SMOKE GETS IN YOUR EYES

 

By EDWIN D. REILLY, Jr.

For the Sunday Gazette

 

Bob Newhart goes back in time to 16th century England to take a transatlantic call from his friend Sir Walter Raleigh in America. He can’t believe what he’s hearing:

 

Are you saying “snuff,” Walt? What's snuff? You take a pinch of tobacco (giggling in disbelief) and you shove it up your nose! And it makes you sneeze, huh. I imagine it would, Walt, yeah. Goldenrod seems to do it pretty well over here. It has some other uses, though? You can chew it? Or put it in a pipe? Or you can shred it up and put it on a piece of paper, and roll it up—don't tell me, Walt, don't tell me—you stick in your ear, right Walt? Oh, between your lips! Then what do you do to it? (More intense giggling) You set fire to it! And you inhale the smoke! …Walt, we've been a little worried about you... You’ll have a tough time getting people to stick burning leaves in their mouth..

 

       Would that that were true. H. Allen Smith called this the greatest single comedy routine he had ever heard. To my mind, the only competitors for that accolade are Abbott and Costello’s “Who’s on first?” and Bill Cosby’s Noah routine. But is Sir Walter solely responsible for spreading the insidious practice among the sparse Colonial American population and thence back to England? Probably not. Or perhaps I have a soft spot for him because both Raleigh and Reilly are derivatives of the Gaelic O’Raghaleaigh.

       But beyond the snuff and puff is serious stuff. About 42,000 Americans are killed in automobiles each year through incidents that are not necessarily “accidents” because so many are caused by drunken drivers. But ten times that many die from smoking each year, and none of these are accidents. The number would be even higher than 400,000 if we were to include those who do not smoke but spend too much time in close proximity to someone who does.

     I get no credit for not smoking because I never started. One day, when I was 10, two incipient bullies tried to get me to try a puff, but the more they insisted, the harder I resisted. Besides not wanting to yield to force, I just thought, that smoking was silly. To this day, I can’t imagine why people want to cloud their mind with any kind of drug, especially tobacco, which is more lethal than many that are illegal. How can they solve their quadratic equations? Cope with Microsoft software? Do their crosswords and Sudoku in record time? Write their op ed columns?

     By now, of course, we know that tobacco is an addictive poison that kills. I doubt that there are many readers of my Gazette essays who smoke. The practice is waning and seems now to be pretty much confined to male construction workers; high school girls who think that they are immortal; young women who, like aspiring actresses, like to pose with a cigarette in their hand; and, saddest to say, health care workers—nurses and aides far more than doctors. None of these have time to read op ed screeds. So I am not writing for smokers, but rather for abolitionists who want a few tips on what can be done to persuade loved ones to quit.

     Sales prohibition doesn’t work; the country has been there, done that, with regard to alcohol, nor does it work now by declaring other mind-boggling chemicals illegal. So perhaps the best we can do in this regard is to make procurement difficult. Yes, there is an age limit to purchase. But more could be done to reduce the incidence of smoking.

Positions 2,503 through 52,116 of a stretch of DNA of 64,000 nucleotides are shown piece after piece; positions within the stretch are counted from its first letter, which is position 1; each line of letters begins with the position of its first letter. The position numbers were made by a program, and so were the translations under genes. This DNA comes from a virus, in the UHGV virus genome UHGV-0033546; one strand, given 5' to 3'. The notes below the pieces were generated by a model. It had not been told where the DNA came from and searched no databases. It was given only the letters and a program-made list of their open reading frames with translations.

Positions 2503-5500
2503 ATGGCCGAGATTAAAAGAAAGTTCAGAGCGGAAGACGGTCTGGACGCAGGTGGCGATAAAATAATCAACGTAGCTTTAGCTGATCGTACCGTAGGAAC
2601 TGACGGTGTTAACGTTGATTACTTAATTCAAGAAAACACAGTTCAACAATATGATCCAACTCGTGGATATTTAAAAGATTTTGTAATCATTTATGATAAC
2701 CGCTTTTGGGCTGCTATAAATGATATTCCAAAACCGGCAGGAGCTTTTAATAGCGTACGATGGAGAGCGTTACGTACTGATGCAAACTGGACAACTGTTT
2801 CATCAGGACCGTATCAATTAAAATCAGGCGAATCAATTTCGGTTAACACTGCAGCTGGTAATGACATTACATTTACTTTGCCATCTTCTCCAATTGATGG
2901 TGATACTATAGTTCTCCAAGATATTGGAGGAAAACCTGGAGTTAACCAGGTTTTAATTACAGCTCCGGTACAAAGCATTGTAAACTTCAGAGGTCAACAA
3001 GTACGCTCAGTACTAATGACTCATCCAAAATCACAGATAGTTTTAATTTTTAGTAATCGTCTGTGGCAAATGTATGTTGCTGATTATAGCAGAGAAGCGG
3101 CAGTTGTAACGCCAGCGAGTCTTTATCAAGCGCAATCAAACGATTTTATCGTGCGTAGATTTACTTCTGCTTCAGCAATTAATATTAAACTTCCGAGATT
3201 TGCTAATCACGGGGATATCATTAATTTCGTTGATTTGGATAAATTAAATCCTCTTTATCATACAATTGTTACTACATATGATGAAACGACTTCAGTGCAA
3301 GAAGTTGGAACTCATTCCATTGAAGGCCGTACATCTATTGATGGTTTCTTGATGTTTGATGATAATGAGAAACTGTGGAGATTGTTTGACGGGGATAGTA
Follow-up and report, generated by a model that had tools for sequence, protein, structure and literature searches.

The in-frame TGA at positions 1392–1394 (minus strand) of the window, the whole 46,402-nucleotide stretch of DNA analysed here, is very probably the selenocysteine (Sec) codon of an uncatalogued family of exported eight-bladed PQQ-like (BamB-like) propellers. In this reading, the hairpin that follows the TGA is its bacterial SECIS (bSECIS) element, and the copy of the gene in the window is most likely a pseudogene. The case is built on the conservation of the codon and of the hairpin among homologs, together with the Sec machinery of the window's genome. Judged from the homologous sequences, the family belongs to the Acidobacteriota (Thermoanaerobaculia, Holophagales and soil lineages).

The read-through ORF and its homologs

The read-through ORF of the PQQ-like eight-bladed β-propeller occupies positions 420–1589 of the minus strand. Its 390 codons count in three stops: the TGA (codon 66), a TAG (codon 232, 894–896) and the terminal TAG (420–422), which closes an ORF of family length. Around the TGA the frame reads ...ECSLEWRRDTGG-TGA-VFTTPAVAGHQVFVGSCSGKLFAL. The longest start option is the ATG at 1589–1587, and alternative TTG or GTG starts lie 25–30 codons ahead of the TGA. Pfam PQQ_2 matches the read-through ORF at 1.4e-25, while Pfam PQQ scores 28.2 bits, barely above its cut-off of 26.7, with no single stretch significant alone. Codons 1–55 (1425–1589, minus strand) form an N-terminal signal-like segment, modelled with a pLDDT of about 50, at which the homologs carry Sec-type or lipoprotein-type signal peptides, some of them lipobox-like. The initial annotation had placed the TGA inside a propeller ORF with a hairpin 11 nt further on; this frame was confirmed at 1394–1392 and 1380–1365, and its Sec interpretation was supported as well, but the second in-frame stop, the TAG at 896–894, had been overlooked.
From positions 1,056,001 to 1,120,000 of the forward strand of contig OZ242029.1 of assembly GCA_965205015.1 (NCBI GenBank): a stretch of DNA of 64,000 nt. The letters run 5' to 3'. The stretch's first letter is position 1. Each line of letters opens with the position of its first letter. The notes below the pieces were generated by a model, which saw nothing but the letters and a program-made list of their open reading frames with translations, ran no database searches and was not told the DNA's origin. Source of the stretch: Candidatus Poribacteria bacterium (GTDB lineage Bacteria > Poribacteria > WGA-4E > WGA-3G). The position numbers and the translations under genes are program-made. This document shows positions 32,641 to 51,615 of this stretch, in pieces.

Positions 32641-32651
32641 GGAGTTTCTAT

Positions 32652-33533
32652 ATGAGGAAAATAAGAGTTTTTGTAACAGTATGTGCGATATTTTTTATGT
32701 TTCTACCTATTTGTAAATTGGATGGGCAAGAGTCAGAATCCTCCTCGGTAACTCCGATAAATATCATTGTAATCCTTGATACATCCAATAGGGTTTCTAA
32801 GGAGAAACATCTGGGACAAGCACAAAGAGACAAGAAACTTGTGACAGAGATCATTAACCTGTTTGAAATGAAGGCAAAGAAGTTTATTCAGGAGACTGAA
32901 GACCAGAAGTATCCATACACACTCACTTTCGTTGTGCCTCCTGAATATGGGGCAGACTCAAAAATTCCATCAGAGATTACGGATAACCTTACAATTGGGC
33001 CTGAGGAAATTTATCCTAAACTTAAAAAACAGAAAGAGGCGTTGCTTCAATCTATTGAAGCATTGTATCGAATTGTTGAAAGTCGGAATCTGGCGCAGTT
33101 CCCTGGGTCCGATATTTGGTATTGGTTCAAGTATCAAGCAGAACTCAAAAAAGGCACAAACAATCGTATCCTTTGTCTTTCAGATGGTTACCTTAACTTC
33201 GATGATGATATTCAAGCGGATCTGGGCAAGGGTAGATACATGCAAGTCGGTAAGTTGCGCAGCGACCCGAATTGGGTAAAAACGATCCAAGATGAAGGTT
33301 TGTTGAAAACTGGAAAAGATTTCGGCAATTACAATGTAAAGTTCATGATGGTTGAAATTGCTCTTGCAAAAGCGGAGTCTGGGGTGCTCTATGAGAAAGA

The DARE program tries to do this through education of our children. So does Smoke-Free Schenectady, led by physicians Clifford Tepper and Arnold Ritterband with educational services delivered by Executive Director Shelly Glock. That organization is essentially a subcommittee of the Schenectady County Health Services Committee and derives its funding from the county’s portion of past tobacco suit settlements.

     Only in America do drugstores make ailing people go to the back of the  store to get life-enhancing prescriptions filled while making it easy for addicts to buy coffin nails at the front counter. Stores should be forced to choose between selling good drugs or bad drugs, but not both.

     Great progress has been made in banning smoking in public buildings, particularly restaurants. But why does the ban not extend to a wider swath around them rather than placing receptacles at their entrances that induce patrons to stand near the doorway and make me navigate around their mushroom clouds? To do so, I try to conspicuously walk a wide circle around them, hoping they’ll get the hint. Or worse, companies set aside picnic tables or even gazebos marked as smoking areas. Absurd.

        Legislators, collect those taxes on the effectively subsidized cigs sold on Indian reservations and over the Internet. Parents and grandparents, speak to your non-smoking high-school students and urge them not to kiss boy- or girlfriends who smoke. That would send the instant messages they are so fond of. And write to the movie moguls and ask them to add a new rating for movies that so warrant—GS for Gratuitous Smoking (not to be confused with Graphic Something or other).

       Some years ago I saw a sign near a fire extinguisher in a Massachusetts country store that said “If I see smoke emanating from the vicinity of your mouth I will assume that you are on fire and take appropriate action.” The proprietor was obviously a Newhart fan.

 

Edwin D. Reilly, Jr., Treasurer of Smoke-Free Schenectady, lives in Niskayuna and is a regular contributor to the Sunday Gazette opinion pages.